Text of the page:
A lot of rain has fallen in Britain in January. One way I like to gauge just how much, is to visit the wetlands around Pulborough and Amberley in West Sussex.
In the winter months, roads are routinely closed as the Arun breaks its banks, doing what it used to without much issue. On the morning of Friday 13th January, the green fields of the Arun valley were a deep, oceanic blue.
It’s rare in England that you get to see nature’s raw, awesome power. When you do, it’s not always a good thing. Seeing water flooding the landscape as it should, where it won’t destroy homes, is easier to enjoy.
Towards Pulborough, the flooded fields were speckled with hundreds of ducks: mallard, shoveler, widgeon. The buildings of Pulborough town looked ready to slip down into the deep blue sea.
On the human-made islands lapwings contended with ducks for a spot on the bank. Elsewhere I overheard a man point out a snipe tucked away between rushes – ‘you can see it with the naked eye,’ he said.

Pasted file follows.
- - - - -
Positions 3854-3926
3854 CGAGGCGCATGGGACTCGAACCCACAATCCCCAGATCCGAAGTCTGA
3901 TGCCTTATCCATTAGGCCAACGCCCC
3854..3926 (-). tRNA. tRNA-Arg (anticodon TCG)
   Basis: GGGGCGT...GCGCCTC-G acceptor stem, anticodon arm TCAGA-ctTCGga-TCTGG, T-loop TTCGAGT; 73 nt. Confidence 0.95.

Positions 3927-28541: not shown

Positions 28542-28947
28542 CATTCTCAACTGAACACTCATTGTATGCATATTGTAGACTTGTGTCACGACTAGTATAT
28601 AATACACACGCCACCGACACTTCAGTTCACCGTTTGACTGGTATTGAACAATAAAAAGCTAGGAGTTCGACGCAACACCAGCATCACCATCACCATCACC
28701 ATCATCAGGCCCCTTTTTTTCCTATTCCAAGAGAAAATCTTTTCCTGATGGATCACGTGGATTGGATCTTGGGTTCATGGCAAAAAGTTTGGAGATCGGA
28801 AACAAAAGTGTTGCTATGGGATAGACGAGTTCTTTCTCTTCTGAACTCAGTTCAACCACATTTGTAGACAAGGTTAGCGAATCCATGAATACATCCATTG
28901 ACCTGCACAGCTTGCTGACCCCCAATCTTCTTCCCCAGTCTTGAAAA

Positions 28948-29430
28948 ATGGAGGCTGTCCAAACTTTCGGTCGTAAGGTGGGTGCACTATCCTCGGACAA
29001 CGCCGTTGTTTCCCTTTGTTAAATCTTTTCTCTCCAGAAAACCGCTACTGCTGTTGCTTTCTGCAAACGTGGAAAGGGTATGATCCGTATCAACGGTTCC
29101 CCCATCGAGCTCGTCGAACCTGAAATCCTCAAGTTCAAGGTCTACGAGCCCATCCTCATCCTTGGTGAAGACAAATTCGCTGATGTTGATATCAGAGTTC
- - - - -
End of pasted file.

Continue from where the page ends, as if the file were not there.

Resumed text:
Sure enough, there it was but 25ft away inside the fenced wetland. I wonder what it must have made of its small, safe spot, out there among the winter floodwaters.
A winter walk around Pulborough in West Sussex, just inside the South Downs National Park. Despite last week’s record high winter temperatures, spring was still absent, bar the odd queen bumblebee and flowering primrose.
For someone who can’t afford a massive telephoto lens (both in terms of relative biceps and cash), March is the best month to photograph birds. There are no leaves to block them and birds are busy as spring builds. This robin barely moved. The photo has been cropped.
Let’s see him or her again… I tried to frame the robin against a silvery water body and the green moss of a tree behind. As in, I moved a bit to one side and crouched down a bit.
The South Downs ridge hangs over Pulborough and gives an extra layer of interest to photographs that might, in counties like Essex and Norfolk, be a little more flat.
The river Arun runs through Pulborough, a key wetland area in southern England. The sun came out in the afternoon to lift the atmosphere. The South Downs add their irrepressible magic even in shade.
The silvery wetland areas of the Arun valley. This area was once marshland and has strong evidence of Roman activity and settlement, including a bath house.
Pulborough Brooks is managed by the RSPB and has a large area of heathland at Wiggonholt Common in addition to the wetlands. The South Downs veer into distance beyond the pines.
I love the soft palette of a winter heath.
Pulborough, South Downs National Park, West Sussex, March 2019